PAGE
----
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It’s the final day of the ANC’s national conference and by now you would think that I would be used to the fact that nothing
here starts on time. Everything is delayed, except meal times.
There are four things that can be
guaranteed at meal times: apart from it being like hostel food, there will
always be a selection of funeral salads (beetroot and coleslaw). Breakfast will
always involve potatoes. You are guaranteed to eat pap at some point during the
day and the Halaal lines are always shorter.
Speaking of queues, there’s a lot of those.
Before entering the Nasrec venue, it’s like waiting to enter an exam room. Instead
of being checked for crib notes, you have to walk through a metal detector and
have your bags and equipment scanned.
Before the journalists go to plenary where
the delegates are, they gather us behind a gate. It’s like going to a club. The
cool people get to go in first – in this case it’s the photographers and video
teams. Then the bouncers, I mean marshals, let the rest of us through but they
check tags to make sure you are eligible.
It’s not like you can enjoy the party once
you are inside. When you start swinging side-to-side to the songs the crowds
are singing, the other journalists look at you funny. We’re supposed to observe
and remain objective. Sometimes I have to concentrate really hard not to sing
The marshals are everywhere, making sure we
don’t step out of their line of sight or move beyond certain points without any
supervision. It’s like having a chaperone, keeping us cordoned off in a
section, making sure we aren’t up to no good by interacting with the delegates.
Perhaps there’s a single message the ANC wants to push and they have too much
to lose if one of the delegates should go rogue and speak to a journalist.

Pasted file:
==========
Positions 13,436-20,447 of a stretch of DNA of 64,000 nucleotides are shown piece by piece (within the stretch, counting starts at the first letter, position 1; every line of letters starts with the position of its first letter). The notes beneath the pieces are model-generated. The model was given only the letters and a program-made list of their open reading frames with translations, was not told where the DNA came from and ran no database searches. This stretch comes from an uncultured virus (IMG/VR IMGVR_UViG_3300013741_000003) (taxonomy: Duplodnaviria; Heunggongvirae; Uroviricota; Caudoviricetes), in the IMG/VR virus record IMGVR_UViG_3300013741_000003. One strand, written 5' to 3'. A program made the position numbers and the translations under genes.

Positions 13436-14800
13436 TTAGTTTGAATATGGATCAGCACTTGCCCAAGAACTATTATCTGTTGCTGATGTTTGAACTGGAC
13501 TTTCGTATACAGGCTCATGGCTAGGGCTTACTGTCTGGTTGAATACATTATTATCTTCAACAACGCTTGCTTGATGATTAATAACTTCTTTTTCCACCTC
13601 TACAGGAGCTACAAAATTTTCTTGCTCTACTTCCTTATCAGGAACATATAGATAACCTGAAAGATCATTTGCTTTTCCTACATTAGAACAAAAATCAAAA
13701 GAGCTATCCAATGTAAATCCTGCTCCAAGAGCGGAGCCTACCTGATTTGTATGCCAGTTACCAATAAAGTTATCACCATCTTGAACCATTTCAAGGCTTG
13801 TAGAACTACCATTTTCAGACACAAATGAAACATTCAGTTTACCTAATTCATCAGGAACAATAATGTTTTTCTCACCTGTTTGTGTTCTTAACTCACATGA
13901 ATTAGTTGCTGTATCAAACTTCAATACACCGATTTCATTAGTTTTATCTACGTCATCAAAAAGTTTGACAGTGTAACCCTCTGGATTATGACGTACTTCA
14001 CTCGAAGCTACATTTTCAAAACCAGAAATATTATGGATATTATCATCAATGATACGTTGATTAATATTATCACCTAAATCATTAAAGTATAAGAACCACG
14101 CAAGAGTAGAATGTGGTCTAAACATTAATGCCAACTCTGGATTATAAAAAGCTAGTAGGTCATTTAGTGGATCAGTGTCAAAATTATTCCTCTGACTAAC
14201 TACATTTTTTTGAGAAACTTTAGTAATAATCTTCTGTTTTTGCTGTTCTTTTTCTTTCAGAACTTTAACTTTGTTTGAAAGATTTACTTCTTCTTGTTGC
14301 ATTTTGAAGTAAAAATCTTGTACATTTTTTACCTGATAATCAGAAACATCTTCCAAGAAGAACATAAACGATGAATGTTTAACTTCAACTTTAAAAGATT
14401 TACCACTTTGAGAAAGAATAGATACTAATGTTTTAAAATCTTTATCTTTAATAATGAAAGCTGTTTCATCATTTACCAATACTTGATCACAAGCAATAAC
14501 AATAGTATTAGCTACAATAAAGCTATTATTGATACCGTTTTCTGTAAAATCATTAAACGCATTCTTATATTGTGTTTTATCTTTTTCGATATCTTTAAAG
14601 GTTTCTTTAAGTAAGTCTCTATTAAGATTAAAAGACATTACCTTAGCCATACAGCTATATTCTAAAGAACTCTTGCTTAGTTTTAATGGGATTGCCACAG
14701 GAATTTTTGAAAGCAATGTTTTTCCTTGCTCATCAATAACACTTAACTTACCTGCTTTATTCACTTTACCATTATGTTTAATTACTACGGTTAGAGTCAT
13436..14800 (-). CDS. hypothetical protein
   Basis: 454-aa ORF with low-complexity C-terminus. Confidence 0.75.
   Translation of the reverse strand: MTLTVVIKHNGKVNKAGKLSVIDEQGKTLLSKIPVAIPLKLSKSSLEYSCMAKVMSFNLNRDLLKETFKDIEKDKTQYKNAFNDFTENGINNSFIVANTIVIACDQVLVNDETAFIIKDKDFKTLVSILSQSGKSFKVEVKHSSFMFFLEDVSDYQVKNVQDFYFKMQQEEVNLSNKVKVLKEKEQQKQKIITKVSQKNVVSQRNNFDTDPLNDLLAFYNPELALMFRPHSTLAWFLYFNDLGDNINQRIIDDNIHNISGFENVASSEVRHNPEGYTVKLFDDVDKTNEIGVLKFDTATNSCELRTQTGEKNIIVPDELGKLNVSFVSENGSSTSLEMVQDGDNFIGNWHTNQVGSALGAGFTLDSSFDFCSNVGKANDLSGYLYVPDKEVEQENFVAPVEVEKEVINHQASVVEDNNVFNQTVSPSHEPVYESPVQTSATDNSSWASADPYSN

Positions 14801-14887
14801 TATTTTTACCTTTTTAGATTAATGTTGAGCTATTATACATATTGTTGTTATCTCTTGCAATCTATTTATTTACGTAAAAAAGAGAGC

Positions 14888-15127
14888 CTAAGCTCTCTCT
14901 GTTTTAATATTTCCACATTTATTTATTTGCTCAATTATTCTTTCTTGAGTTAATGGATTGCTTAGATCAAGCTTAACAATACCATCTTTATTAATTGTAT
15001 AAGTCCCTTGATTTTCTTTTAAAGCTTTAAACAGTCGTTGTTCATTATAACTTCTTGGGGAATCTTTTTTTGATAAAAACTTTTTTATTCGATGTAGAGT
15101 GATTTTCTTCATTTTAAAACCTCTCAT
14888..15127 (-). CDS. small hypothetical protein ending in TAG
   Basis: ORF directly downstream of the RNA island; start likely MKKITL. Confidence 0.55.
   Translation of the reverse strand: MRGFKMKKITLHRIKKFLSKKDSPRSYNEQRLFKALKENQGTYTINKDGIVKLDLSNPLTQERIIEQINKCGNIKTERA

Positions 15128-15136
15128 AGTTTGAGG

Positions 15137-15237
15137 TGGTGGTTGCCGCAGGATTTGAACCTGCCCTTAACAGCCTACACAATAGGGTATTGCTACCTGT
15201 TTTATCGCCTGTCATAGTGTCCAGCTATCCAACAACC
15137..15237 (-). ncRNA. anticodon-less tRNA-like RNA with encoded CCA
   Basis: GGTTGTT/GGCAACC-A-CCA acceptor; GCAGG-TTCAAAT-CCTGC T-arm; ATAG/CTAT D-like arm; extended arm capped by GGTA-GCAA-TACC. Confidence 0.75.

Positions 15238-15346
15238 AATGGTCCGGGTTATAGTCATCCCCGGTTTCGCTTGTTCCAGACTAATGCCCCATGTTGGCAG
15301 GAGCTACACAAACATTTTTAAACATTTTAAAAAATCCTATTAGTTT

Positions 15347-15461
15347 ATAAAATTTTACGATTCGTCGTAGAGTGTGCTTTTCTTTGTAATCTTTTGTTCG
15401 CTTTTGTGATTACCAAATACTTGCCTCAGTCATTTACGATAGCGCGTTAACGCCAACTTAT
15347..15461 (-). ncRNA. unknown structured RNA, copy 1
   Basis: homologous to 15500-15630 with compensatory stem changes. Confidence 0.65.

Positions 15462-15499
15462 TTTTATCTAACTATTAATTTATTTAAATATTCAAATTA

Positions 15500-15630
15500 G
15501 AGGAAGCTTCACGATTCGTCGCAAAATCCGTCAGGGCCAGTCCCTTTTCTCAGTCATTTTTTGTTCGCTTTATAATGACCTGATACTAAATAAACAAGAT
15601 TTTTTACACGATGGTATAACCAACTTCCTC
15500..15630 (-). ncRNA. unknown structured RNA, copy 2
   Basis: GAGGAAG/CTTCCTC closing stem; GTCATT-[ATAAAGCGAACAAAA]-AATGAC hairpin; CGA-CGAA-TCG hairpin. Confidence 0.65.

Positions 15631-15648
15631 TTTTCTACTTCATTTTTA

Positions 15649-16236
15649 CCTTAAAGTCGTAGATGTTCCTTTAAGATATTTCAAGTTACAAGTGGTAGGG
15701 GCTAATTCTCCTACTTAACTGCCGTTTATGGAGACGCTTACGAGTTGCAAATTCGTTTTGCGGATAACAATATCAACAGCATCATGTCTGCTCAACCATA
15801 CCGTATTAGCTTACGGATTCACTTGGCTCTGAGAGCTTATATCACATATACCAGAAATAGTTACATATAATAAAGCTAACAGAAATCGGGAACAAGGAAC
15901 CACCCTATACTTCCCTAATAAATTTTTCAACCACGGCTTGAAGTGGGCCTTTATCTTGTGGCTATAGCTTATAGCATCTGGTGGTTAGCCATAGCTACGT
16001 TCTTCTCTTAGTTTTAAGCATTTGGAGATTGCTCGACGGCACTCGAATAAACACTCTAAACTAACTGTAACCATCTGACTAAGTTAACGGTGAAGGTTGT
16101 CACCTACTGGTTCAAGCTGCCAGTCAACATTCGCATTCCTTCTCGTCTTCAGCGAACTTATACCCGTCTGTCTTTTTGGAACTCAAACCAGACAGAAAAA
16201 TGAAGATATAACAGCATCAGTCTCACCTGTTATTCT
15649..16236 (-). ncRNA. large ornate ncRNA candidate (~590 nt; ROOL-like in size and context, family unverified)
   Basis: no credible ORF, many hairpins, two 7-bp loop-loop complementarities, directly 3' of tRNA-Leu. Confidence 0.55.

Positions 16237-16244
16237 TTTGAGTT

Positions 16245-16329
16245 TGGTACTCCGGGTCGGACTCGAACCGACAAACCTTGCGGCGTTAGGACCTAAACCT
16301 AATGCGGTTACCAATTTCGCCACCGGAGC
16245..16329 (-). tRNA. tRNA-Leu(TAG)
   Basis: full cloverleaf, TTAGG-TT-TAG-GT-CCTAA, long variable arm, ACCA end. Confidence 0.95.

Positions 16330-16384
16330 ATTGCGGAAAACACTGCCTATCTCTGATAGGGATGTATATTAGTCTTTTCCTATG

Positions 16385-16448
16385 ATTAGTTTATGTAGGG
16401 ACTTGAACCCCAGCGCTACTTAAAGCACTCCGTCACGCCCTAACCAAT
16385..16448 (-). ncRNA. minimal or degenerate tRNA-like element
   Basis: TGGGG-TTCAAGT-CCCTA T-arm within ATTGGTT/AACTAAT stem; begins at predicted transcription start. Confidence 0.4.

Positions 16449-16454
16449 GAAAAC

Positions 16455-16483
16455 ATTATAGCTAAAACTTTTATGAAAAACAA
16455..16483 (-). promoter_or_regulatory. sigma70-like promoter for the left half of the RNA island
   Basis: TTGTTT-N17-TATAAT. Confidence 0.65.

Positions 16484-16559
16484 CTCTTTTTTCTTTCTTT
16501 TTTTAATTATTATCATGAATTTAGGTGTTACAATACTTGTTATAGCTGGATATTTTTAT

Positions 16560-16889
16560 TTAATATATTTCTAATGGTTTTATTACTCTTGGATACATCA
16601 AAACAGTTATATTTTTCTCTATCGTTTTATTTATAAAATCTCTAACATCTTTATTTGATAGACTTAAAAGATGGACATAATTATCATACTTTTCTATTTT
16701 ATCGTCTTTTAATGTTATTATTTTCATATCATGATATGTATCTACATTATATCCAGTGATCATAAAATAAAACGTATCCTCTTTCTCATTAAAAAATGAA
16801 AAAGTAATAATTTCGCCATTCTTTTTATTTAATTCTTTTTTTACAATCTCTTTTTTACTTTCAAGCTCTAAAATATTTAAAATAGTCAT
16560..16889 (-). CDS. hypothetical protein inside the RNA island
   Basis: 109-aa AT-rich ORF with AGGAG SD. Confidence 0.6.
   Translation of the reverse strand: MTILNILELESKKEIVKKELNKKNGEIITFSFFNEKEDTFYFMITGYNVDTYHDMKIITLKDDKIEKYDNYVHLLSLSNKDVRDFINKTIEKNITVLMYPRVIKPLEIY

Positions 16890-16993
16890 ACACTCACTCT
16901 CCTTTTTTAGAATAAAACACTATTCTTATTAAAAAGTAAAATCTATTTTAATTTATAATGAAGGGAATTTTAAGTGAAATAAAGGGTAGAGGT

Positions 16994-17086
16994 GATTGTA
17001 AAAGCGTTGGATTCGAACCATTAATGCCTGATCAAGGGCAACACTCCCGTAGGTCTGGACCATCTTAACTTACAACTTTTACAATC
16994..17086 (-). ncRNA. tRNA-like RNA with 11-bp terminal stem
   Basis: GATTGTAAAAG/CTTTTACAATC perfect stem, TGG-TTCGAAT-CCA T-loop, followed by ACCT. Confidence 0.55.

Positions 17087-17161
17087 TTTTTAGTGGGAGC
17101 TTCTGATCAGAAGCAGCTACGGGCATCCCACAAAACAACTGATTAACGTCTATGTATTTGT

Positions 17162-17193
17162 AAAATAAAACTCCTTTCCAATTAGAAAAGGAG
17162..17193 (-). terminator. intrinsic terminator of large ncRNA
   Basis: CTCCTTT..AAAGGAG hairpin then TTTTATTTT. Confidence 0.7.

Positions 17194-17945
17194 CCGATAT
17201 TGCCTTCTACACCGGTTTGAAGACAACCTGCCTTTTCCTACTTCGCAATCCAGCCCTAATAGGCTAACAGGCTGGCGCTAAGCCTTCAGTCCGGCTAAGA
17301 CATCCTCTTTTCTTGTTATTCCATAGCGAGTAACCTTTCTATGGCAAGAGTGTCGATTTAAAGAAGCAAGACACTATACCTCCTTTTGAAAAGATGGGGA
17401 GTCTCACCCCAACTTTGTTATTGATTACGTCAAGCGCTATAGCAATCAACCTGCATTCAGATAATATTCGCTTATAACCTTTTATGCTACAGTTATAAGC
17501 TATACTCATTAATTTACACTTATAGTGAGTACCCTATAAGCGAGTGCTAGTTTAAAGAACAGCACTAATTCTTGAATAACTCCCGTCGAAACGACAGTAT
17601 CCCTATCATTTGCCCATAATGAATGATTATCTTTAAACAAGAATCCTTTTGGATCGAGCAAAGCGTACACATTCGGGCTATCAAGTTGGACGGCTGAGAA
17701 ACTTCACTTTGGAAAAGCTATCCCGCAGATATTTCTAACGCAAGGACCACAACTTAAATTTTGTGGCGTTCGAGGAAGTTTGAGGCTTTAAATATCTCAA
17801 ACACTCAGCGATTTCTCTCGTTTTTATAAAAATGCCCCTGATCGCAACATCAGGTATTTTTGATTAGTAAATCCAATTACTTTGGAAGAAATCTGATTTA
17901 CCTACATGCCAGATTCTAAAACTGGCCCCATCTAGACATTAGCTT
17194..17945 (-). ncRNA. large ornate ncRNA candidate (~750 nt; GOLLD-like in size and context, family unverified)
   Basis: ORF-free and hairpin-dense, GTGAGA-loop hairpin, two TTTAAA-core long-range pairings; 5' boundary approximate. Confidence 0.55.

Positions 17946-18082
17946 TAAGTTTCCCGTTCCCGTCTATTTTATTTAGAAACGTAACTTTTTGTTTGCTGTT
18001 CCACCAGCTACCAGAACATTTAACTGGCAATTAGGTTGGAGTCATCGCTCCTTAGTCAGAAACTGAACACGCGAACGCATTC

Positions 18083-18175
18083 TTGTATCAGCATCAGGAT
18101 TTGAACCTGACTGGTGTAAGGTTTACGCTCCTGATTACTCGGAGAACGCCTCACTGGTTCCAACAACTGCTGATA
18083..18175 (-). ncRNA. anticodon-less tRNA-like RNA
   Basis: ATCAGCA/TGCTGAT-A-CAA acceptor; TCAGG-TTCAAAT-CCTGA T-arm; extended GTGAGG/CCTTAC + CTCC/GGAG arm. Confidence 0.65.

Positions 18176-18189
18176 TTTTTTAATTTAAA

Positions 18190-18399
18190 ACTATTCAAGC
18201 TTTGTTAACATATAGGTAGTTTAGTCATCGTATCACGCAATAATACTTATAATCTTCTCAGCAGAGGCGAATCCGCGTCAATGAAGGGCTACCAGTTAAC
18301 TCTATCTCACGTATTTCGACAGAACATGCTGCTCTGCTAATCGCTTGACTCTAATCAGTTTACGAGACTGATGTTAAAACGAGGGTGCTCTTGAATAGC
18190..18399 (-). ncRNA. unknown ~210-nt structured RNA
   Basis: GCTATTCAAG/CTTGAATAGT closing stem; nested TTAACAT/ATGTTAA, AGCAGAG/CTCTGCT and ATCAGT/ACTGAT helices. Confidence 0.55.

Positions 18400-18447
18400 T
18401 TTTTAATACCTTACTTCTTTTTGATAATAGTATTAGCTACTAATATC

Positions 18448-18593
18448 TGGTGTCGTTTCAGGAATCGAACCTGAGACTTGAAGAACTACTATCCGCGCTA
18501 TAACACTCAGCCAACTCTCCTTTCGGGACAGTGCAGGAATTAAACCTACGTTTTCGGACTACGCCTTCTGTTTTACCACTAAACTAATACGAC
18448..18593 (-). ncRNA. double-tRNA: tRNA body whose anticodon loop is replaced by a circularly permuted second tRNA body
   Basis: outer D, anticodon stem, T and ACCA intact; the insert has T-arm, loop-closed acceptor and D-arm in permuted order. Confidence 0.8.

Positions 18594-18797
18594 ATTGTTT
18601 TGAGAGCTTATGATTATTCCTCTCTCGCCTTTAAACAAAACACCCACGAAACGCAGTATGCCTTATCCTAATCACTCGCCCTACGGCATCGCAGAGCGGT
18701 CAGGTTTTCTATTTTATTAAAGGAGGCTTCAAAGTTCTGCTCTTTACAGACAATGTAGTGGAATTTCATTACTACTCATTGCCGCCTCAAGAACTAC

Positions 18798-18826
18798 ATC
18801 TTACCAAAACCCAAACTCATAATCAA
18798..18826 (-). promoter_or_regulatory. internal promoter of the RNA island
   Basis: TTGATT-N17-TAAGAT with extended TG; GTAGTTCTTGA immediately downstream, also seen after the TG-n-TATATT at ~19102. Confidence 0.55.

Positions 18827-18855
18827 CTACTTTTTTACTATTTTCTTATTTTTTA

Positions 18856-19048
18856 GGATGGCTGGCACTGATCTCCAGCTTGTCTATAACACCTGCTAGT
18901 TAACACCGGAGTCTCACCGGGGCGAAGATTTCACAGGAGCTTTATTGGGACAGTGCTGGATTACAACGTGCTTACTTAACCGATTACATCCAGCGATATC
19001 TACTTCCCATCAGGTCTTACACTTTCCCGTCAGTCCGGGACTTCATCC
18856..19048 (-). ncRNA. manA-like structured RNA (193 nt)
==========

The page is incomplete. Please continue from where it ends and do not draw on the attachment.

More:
You can take pictures though. The delegates
really put up a show, sometimes they leave their seats and come and dance near
the cameras, where we are. Some of us scramble to take close-ups so we can
document the scenes from the inside as accurately as possible, in limited time.
The ceilings have yellow and green fabric
stretched across them – like a hall for a dance, but it’s not always a happy
affair. Once we were led in and some delegates angrily demanded that we can’t
sit with them. As the media we are used to not being welcome, it was not long
before we had to leave again.
We walk together between venues, like
school pupils. It’s like a bell goes off every time there’s an alert on the WhatsApp
group every time there’s a schedule change.
Some of the journalists bring sleeping bags
for make-shift beds for the long hours we have to work. There’s a lot of junk
food to snack on and coffee runs, kind of like at varsity. The search for plug
points is endless and when I get tired of one library, in this case a
workspace, I move on to the next.
Whenever there’s drama we have to wait
around for our aunties (sources) to tell us what we missed. Like when you come
back home after a semester. We wait what seems like hours for the parties
involved to confirm.
Of course, we had already broken the news,
but this time we get to ask our questions to get the full story.
Sometimes I think I could just watch this
stuff from a distance on TV, because it feels like I’ve lived through this
But I know millions of South Africans
aren’t in this position, they’re relying on our reports.
- Lameez Omarjee is a journalist at Fin24.
Disclaimer: News24 encourages freedom of speech and the expression of diverse views. The views of columnists published on News24 are therefore their own and do not necessarily represent the views of News24.
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